Current guidelines state that when AF is suspected by an automated algorithm, confirmation on an ECG tracing is always required. While the use of a single-lead ECG is a class I recommendation in the ESC 2020 guidelines, the use of PPG alone to establish the diagnosis is not accepted, even when overread by a physician (3). This accords with the general feeling among cardiologists as 83% would diagnose AF based on a single-lead ECG, but only 27% would make the diagnosis based on a PPG output (13). Theoretically, single-lead ECG has some advantages over PPG, such as the ability to evaluate the presence of a p-wave, the QRS width and the QT interval. However, these advantages did not result in a superior performance to detect AF in our study. Particularly if the PPG waveform is combined with the corresponding tachogram and Poincaré plot, physicians could accurately interpret the recordings and detect AF, regardless of prior PPG experience. However, it should be noted that a higher number of different morphologies and other arrythmias could influence these results when applied in clinical practice. Whether the disparity between the general feeling among cardiologist and our study results derive from ignorance toward PPG or superior evaluation of other morphologies and arrythmias with ECG in clinical practice remains to be demonstrated. Currently, PPG is already being used in clinical practice for remote rhythm management in patients who are already diagnosed with AF. By example, in the TeleCheck-AF project on-demand PPG-based rate and rhythm monitoring was used around teleconsultation in 40 centers in Europe during the COVID-19 pandemic (14–16). In this context PPG technology is used to detect, but not diagnose AF. The provided results of this INTERPRET-AF study should trigger further discussion whether every AF episode detected with PPG still needs to be confirmed with ECG documentation to allow the diagnosis of AF in a patient.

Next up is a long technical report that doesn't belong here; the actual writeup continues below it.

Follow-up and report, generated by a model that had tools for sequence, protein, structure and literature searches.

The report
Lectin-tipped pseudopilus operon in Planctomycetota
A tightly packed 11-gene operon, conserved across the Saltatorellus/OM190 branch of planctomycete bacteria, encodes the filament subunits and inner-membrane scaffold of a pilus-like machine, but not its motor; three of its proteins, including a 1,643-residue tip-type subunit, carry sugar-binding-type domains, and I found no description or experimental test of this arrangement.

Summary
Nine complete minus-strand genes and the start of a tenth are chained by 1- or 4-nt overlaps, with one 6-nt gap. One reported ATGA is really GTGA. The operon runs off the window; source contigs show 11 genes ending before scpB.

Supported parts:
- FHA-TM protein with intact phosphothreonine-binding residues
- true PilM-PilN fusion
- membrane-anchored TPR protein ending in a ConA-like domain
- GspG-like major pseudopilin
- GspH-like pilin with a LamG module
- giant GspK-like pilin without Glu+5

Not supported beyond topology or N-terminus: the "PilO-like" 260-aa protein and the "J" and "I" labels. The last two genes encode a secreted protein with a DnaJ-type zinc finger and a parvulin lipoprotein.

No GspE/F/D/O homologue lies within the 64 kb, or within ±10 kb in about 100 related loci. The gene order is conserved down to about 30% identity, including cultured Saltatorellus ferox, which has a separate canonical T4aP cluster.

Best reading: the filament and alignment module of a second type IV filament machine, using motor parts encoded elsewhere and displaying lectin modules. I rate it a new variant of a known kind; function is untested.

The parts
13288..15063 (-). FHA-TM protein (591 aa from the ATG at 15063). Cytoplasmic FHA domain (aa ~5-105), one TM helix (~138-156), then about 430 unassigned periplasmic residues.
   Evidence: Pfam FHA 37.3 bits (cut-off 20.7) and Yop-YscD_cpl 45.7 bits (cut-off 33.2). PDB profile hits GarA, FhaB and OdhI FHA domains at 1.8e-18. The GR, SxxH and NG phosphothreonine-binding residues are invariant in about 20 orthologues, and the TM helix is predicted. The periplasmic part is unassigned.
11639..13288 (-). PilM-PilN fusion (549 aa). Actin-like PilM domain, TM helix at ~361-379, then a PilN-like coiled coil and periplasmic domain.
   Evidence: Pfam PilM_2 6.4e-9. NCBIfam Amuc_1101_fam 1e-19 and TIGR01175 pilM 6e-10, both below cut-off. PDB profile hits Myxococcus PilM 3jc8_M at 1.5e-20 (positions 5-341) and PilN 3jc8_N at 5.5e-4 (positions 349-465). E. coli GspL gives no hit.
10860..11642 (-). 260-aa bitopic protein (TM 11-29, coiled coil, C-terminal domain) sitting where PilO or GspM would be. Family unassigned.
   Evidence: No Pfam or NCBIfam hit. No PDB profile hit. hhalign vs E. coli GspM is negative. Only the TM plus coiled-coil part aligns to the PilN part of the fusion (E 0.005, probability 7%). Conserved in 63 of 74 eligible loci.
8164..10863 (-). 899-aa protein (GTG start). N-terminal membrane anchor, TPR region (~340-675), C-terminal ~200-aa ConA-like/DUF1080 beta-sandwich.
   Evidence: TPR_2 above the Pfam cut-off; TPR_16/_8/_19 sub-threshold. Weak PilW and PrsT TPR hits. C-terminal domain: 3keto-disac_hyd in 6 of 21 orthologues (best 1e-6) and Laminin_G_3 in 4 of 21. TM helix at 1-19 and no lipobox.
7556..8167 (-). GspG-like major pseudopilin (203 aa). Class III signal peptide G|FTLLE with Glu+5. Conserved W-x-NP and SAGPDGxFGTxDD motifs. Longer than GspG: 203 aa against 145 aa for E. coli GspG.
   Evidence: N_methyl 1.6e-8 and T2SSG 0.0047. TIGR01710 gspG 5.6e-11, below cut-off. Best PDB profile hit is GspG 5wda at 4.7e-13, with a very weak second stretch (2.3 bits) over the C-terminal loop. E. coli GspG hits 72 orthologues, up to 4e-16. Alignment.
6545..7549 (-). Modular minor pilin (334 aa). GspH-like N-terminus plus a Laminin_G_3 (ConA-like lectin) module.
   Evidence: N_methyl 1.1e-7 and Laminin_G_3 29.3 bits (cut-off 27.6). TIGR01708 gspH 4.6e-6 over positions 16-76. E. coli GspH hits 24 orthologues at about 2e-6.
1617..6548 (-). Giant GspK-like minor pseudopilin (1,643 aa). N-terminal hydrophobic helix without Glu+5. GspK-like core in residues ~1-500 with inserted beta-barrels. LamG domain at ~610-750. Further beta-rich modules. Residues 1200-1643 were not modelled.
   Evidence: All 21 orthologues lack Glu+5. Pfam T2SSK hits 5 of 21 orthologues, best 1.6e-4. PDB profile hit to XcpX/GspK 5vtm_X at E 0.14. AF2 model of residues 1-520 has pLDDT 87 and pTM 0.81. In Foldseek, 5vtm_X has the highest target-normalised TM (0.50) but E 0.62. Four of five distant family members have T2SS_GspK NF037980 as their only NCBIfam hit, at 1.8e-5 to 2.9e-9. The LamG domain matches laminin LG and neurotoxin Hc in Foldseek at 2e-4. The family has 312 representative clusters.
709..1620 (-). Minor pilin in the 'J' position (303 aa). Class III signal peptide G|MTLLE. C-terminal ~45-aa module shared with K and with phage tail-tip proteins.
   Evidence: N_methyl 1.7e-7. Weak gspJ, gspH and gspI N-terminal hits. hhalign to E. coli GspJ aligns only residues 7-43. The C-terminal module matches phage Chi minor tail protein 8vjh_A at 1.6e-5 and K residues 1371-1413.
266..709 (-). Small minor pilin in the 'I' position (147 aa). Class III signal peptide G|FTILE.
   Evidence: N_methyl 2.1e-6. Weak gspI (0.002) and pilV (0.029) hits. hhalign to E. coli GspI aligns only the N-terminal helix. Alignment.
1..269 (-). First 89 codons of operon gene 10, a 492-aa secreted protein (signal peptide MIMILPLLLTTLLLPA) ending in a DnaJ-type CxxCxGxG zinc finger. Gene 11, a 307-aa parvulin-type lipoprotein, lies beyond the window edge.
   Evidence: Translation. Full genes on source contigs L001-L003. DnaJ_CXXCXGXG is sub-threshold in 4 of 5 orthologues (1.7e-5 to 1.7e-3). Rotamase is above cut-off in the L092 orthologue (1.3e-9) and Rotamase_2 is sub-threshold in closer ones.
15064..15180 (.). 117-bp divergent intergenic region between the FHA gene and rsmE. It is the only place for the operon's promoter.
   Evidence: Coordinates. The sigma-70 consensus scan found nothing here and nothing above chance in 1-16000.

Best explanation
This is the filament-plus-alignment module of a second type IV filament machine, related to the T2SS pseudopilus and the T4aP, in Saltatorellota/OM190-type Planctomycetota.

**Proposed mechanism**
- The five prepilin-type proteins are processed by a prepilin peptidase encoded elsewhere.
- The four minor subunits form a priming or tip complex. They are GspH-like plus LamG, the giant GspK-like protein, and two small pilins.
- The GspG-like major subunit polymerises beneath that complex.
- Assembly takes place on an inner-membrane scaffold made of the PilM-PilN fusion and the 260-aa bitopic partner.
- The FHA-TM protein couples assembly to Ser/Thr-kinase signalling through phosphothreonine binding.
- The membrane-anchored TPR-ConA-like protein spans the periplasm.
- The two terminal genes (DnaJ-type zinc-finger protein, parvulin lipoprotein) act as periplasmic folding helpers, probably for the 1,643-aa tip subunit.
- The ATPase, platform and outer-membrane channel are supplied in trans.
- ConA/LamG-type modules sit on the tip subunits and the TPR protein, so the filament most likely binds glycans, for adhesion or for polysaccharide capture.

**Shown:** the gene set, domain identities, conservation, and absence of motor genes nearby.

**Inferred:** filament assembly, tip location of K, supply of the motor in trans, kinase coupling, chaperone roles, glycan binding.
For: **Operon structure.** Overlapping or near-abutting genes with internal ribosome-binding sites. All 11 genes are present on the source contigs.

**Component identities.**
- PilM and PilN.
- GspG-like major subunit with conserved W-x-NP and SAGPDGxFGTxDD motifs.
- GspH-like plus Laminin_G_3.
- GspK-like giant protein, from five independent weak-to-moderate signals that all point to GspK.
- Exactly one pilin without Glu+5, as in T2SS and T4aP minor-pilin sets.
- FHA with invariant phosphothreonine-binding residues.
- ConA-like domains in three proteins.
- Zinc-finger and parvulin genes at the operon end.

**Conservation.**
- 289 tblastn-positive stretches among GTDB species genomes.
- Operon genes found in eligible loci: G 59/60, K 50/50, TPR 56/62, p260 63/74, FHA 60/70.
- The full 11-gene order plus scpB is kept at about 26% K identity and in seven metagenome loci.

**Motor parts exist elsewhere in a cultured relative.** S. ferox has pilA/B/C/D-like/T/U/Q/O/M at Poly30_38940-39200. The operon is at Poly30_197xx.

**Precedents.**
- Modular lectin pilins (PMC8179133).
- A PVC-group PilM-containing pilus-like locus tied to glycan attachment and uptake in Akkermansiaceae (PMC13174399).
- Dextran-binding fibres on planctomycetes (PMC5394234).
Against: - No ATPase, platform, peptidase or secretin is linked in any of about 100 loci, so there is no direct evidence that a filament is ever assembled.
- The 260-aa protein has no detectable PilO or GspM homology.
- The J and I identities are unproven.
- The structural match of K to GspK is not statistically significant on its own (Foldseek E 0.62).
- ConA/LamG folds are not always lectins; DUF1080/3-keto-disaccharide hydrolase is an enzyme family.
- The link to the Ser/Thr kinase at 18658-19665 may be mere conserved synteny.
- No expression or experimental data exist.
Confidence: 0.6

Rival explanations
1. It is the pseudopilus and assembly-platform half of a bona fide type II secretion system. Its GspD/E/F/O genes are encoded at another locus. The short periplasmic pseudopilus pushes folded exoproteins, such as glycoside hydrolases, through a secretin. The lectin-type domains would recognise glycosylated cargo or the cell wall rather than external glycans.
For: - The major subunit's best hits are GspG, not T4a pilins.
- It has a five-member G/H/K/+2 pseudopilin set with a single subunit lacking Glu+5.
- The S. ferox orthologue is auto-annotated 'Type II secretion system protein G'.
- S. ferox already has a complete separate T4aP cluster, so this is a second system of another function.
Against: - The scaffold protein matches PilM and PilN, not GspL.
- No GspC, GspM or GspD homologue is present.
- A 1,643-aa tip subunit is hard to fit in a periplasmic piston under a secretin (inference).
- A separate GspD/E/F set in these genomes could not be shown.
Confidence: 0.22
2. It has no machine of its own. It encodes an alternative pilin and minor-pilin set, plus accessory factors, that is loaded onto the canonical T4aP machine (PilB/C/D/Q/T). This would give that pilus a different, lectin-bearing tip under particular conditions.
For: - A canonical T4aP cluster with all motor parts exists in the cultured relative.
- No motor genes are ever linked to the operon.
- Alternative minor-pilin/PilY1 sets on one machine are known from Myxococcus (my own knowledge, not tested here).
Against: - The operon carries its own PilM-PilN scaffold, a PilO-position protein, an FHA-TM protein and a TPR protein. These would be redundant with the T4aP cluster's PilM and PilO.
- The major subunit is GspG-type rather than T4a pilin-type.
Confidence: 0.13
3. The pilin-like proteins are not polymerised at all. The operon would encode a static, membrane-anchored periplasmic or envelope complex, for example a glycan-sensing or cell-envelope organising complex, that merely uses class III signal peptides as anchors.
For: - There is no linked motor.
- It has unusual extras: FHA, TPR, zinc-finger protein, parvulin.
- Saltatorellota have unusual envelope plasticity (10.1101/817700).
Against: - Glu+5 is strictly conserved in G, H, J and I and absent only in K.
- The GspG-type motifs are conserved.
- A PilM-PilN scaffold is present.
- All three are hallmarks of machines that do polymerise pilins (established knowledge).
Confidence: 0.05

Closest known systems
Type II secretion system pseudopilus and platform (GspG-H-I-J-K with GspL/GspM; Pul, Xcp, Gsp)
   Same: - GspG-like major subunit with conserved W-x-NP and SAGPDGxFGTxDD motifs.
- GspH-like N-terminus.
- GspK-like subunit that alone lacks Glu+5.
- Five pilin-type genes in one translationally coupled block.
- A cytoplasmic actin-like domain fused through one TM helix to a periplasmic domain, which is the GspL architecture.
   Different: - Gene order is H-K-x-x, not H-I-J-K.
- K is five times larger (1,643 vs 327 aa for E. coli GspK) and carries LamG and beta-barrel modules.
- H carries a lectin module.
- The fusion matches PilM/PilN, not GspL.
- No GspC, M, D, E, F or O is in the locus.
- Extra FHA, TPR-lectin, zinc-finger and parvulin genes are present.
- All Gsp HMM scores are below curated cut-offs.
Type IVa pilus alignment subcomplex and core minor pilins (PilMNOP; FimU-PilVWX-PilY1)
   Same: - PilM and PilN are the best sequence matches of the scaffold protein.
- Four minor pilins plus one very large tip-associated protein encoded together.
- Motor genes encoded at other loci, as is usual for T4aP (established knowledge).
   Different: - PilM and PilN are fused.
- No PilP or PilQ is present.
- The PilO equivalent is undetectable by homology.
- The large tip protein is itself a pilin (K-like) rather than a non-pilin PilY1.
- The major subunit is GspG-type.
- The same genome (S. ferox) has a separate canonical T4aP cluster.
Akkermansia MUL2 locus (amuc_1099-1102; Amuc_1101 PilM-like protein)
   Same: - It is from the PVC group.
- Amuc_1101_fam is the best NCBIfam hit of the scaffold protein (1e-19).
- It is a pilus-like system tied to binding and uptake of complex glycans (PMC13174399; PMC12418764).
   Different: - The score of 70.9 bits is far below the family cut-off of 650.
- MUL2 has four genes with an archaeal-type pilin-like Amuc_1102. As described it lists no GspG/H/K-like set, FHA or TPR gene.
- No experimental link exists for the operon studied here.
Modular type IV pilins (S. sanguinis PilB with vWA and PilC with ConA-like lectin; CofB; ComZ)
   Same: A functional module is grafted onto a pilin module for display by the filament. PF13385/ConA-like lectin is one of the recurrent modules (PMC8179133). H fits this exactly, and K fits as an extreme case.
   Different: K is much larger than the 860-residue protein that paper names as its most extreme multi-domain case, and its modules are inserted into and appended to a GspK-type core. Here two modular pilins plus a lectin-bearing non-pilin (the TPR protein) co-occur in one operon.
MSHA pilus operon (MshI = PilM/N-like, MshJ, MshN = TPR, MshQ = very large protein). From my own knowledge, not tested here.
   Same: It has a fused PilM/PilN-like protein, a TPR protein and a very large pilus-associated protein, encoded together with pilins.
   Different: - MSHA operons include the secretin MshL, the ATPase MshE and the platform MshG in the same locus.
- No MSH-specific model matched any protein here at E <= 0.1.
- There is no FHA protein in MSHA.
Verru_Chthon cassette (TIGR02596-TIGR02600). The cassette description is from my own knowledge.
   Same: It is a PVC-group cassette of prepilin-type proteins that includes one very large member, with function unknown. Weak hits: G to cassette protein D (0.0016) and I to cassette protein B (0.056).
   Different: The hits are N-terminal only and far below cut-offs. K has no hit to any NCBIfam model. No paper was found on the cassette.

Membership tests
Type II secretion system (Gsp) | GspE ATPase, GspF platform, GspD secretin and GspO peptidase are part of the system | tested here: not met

Clinical Implications and Implications for AF Screening